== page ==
Hyperkalemia, which can be dangerous in people with kidney problems, can be caused by too much potassium. As your kidneys grow less capable of removing potassium from your blood, an excessive amount of potassium may accumulate. With high potassium levels, you may experience nausea, a low, weak, or irregular pulse, and fainting. As a result, you should eat potassium-rich meals and avoid using potassium supplements without consulting your doctor.

Stay physically active

Find something that you enjoy doing to stay in shape. For example, line dancing, swimming, yoga, walking, gymming, and riding a bike are all good ways to get active. Most of us end up making fitness a new year’s resolution and forget about it within a few months. Finding a workout partner can help you stick to your goal as it is a good way to hold yourself accountable. It’s also important to find other people you like doing the activity with because that helps you stick with it.

Other exercise options that don’t require a gym membership include bodyweight exercises, like pushups, squats, and jumping jacks. Home workouts can be just as good and effective as going to the gym or running. You can also use various apps if you like to keep track of your steps, calories burned, weight, or even water intake.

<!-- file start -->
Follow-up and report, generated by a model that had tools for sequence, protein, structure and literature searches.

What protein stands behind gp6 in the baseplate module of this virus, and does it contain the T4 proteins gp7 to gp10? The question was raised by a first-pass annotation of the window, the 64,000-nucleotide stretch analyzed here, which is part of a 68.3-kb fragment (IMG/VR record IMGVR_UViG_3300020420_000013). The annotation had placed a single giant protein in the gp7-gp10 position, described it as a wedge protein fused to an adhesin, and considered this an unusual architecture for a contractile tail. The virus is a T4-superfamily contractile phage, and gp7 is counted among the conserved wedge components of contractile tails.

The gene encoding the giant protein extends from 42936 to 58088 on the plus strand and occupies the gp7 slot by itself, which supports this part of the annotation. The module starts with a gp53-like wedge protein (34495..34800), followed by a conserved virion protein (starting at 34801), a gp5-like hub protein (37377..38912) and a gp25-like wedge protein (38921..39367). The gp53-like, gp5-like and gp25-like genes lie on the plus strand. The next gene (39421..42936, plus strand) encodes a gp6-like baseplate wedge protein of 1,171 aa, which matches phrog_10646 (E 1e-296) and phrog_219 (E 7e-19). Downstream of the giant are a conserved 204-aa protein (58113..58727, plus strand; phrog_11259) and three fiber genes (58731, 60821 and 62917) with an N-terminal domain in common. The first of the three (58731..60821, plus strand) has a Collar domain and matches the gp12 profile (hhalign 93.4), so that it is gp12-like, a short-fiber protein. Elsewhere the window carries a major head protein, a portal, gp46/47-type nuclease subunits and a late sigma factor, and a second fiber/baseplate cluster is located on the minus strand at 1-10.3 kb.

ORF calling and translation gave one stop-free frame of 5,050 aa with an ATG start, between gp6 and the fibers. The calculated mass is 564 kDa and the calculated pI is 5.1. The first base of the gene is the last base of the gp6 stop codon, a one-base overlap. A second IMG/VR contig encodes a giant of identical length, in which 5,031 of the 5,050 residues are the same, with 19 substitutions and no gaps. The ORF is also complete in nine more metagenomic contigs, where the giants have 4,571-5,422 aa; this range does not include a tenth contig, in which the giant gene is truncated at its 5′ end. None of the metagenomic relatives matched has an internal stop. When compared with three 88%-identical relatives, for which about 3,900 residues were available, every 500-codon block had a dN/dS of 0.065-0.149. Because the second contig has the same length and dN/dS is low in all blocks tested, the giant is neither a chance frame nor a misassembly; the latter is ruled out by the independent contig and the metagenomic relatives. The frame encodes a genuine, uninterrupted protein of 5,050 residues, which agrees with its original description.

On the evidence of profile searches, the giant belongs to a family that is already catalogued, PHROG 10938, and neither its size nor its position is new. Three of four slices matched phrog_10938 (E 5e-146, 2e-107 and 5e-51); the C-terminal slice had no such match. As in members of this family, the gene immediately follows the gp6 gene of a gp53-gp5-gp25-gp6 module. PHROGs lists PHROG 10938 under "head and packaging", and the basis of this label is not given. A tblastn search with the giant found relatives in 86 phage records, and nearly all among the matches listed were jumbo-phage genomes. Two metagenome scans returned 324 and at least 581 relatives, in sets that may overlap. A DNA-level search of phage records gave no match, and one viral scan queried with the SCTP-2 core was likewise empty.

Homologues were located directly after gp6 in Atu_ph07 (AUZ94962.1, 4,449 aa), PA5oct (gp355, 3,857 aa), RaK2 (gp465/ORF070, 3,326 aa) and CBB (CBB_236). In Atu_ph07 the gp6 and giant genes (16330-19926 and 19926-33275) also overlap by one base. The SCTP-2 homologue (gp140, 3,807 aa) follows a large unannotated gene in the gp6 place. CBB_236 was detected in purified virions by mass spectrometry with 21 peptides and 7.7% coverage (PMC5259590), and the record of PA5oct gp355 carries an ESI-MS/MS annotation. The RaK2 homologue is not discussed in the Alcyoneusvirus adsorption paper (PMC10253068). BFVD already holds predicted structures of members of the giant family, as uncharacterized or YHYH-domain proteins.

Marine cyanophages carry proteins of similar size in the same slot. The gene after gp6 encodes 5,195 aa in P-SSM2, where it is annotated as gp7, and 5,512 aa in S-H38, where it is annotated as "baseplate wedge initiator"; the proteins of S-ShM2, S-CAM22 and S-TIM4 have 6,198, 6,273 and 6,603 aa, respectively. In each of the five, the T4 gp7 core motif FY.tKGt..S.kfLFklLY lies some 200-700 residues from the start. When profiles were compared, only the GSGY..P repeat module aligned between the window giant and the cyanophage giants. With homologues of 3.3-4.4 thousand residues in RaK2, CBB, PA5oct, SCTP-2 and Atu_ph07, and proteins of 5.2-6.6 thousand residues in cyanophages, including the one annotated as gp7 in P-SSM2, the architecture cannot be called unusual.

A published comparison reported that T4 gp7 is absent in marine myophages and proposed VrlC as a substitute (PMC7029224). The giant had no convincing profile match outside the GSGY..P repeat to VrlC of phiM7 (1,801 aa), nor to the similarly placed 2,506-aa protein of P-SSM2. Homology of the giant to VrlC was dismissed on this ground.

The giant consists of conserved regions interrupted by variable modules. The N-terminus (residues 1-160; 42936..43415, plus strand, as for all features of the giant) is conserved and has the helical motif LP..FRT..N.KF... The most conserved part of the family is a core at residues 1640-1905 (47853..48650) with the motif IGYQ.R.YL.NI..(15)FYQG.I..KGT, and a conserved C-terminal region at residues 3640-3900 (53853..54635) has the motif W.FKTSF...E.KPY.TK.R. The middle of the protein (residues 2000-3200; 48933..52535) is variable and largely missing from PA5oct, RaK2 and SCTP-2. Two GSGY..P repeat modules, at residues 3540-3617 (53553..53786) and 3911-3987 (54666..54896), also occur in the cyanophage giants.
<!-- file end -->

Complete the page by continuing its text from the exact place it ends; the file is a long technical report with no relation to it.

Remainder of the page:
Maintain a healthy weight

Controlling your weight is one of the most essential things you can do to lower your blood pressure. As you gain weight, your blood pressure rises. Blood pressure can be lowered by even losing as little as 10 pounds. If you want to lose weight, you’ll need to keep track of what you eat and exercise regularly. Make it a habit to study nutrition labels and eat nutritious, home-cooked meals. This will assist you in determining the calories, carbohydrate, protein, cholesterol, salt, fat, and potassium content of your food. To lose weight, maintain a calorie deficit if your BMI is greater than 25. When combined with a well-balanced diet and regular exercise, a calorie deficit can help you lose weight in a healthy way. As a result, you’ll be able to lower your blood pressure.

Reduce stimulants

Nicotine and caffeine are stimulants that might worsen hypertension over time. Your blood pressure rises after you finish smoking a cigarette. Quitting smoking aids in the restoration of normal blood pressure. It can help you live a healthier life by lowering your risk of heart disease and improving your overall health. People who give up smoking may live longer than those who do not. Caffeine can also raise blood pressure by up to 10 mm Hg in people who don’t drink it often. Coffee drinkers, on the other hand, may have little or no influence on their blood pressure. Caffeine’s long-term effects on blood pressure are unknown, but it’s probable that blood pressure will rise slightly.